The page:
Growing Pains: Dealing with Asperger's as an Adult

By: Michelle Varinata

Illustrated by: Jessica Vaughan - www.jessicavaughan.co.uk

Illustrated by: Jessica Vaughan - www.jessicavaughan.co.uk

My name is Michelle (or if you are my friend/sister/cousin, I go by Missy) and I am 23 years old. My favorite wardrobe staples are my vintage cheetah faux fur coat, a pair of white Miista ankle boots, houndstooth Vivienne Westwood backpack, custom-made PVC leggings and worn-in vintage gray Motley Crue shirt. You’ll never catch me without a pair of John Lennon style sunglasses, lashings of red lipstick, topknot or rings. Optional accessory: a cup of piping hot matcha latte with almond milk. While I may look like “one of those girls who works in fashion”, you’d never suspect that I have Asperger’s Syndrome. 

So, what exactly is Asperger’s? It’s a mild form of autism where one is blessed with intellectual capabilities and talents, but cursed with bad social skills. Alongside my Asperger’s diagnosis I also struggled with ADD. I had a hard time staying still, talk too fast and/or get easily distracted. These things might be a boy’s problem, but it’s girls like myself who also get affected by it too.

When I was a little girl my mom sent me to see a therapist for almost everything. While going to therapy seemed like it was an after-school activity, I also had to see one mid-day whether it be once or three times per week. A special schedule was created for me, which involved me having to skip portions of class. The teachers knew that it was something that they had to accommodate, but my peers kind of looked at me as if I had a disease. If going to therapy was a deal-breaker for everyone, the biggest problem I had was the struggle to express myself. 

When you think of someone with this condition it is always that A) they’re obsessed with science like Sheldon and co. in Big Bang Theory, B) talk like they’re writing an SAT, C) go on a Kanye-style rant when mad, or D) have a deep understanding of abstract concepts like the circumference of Pi. The biggest misrepresentation, to me, is the fact that regardless of any gender Aspies are always poorly dressed. Fashion may not be a subject that Aspies dig but the reason I fell in love with it was to hide my diagnosis.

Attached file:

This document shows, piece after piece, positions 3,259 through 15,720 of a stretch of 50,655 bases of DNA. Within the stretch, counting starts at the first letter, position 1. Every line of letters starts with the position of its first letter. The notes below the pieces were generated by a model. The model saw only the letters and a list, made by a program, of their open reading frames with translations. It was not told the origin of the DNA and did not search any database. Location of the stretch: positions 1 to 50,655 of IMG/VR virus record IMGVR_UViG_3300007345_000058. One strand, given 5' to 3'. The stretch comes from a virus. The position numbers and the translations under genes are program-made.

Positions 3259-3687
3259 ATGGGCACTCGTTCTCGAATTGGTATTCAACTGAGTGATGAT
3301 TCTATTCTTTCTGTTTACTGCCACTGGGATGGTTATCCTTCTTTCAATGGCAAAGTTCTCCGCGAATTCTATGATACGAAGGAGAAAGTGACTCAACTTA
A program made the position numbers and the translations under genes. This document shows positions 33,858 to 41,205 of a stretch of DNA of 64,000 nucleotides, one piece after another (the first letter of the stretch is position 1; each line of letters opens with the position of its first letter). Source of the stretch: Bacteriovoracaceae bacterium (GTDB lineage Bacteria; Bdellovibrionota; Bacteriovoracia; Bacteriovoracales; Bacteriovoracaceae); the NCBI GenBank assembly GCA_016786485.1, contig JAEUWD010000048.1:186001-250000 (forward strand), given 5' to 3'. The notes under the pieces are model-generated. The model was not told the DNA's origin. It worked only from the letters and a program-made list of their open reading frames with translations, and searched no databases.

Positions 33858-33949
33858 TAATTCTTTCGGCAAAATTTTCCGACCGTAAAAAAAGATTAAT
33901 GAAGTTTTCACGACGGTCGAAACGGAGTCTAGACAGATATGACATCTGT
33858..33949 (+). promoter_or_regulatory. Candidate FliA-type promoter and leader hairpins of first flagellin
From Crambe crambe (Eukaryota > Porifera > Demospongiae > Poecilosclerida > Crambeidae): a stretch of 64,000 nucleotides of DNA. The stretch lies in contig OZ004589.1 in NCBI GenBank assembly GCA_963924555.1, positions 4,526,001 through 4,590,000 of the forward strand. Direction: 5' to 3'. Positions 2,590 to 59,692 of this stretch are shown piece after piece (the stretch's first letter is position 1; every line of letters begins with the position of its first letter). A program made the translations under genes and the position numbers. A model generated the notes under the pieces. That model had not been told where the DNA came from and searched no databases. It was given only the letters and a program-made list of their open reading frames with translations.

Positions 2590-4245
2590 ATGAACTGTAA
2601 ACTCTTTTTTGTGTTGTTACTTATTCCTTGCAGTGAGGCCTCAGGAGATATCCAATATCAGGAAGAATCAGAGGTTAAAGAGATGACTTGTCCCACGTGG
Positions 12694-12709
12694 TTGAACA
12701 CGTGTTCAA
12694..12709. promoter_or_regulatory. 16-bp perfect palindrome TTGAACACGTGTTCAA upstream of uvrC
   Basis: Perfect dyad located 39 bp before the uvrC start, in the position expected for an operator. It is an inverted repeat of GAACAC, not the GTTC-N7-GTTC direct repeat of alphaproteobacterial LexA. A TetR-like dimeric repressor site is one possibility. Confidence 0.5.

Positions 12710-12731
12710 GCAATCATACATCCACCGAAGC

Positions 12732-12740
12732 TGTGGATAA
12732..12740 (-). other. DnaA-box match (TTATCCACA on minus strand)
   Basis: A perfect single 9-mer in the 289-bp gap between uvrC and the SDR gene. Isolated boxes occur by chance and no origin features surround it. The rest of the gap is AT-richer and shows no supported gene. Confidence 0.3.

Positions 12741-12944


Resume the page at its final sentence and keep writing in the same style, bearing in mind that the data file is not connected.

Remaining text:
In middle school, I had a hard time making friends due to my shyness. Even when I said a word in class my peers thought that I was weird. One male classmate went as far to take away my monkey pencil case (which I dubbed “Anakin Skywalker”) and hid it - thankfully, I was able to retrieve it! Girls taunted me for having short hair and if they were kind enough, few wanted to befriend me for sympathy points. No one really understood what the hell I had but if there was any way to silence my haters without saying anything, it was to dress up. 

Growing up, I dug my nose into pages of Teen Vogue and Seventeen. Between the covers I couldn’t get my eyes away from seeing mouth-watering designer names, beautiful clothes and bold hairstyles. Given that both magazines had a totally different way of marketing what I always looked forward to were the celebrity fashions. If a celebrity like Lindsay Lohan wore a pair of liquid leggings with ballet flats I’d go out and get a pair too. If Mary-Kate Olsen or Nicole Richie had a pair of oversized sunglasses, I’d purchase some. Seeing a public figure dress up in the streets was an inspiration since I saw that as a way for them to deal with being seen without saying anything to hungry tabloid reporters. From then on I decided that the best way to silence my haters was to make them like my outfits - but to like my outfits I had to make sure that each one was better than the previous, to make the bullies forget about my social awkwardness. 

Packed with “Best Dressed” nominations, a fashion/beauty blog, an Instagram account and countless articles, the one thing I felt shy to dish out was my diagnosis. No longer do I feel the need to hide myself. Today I stand taller, braver and stronger.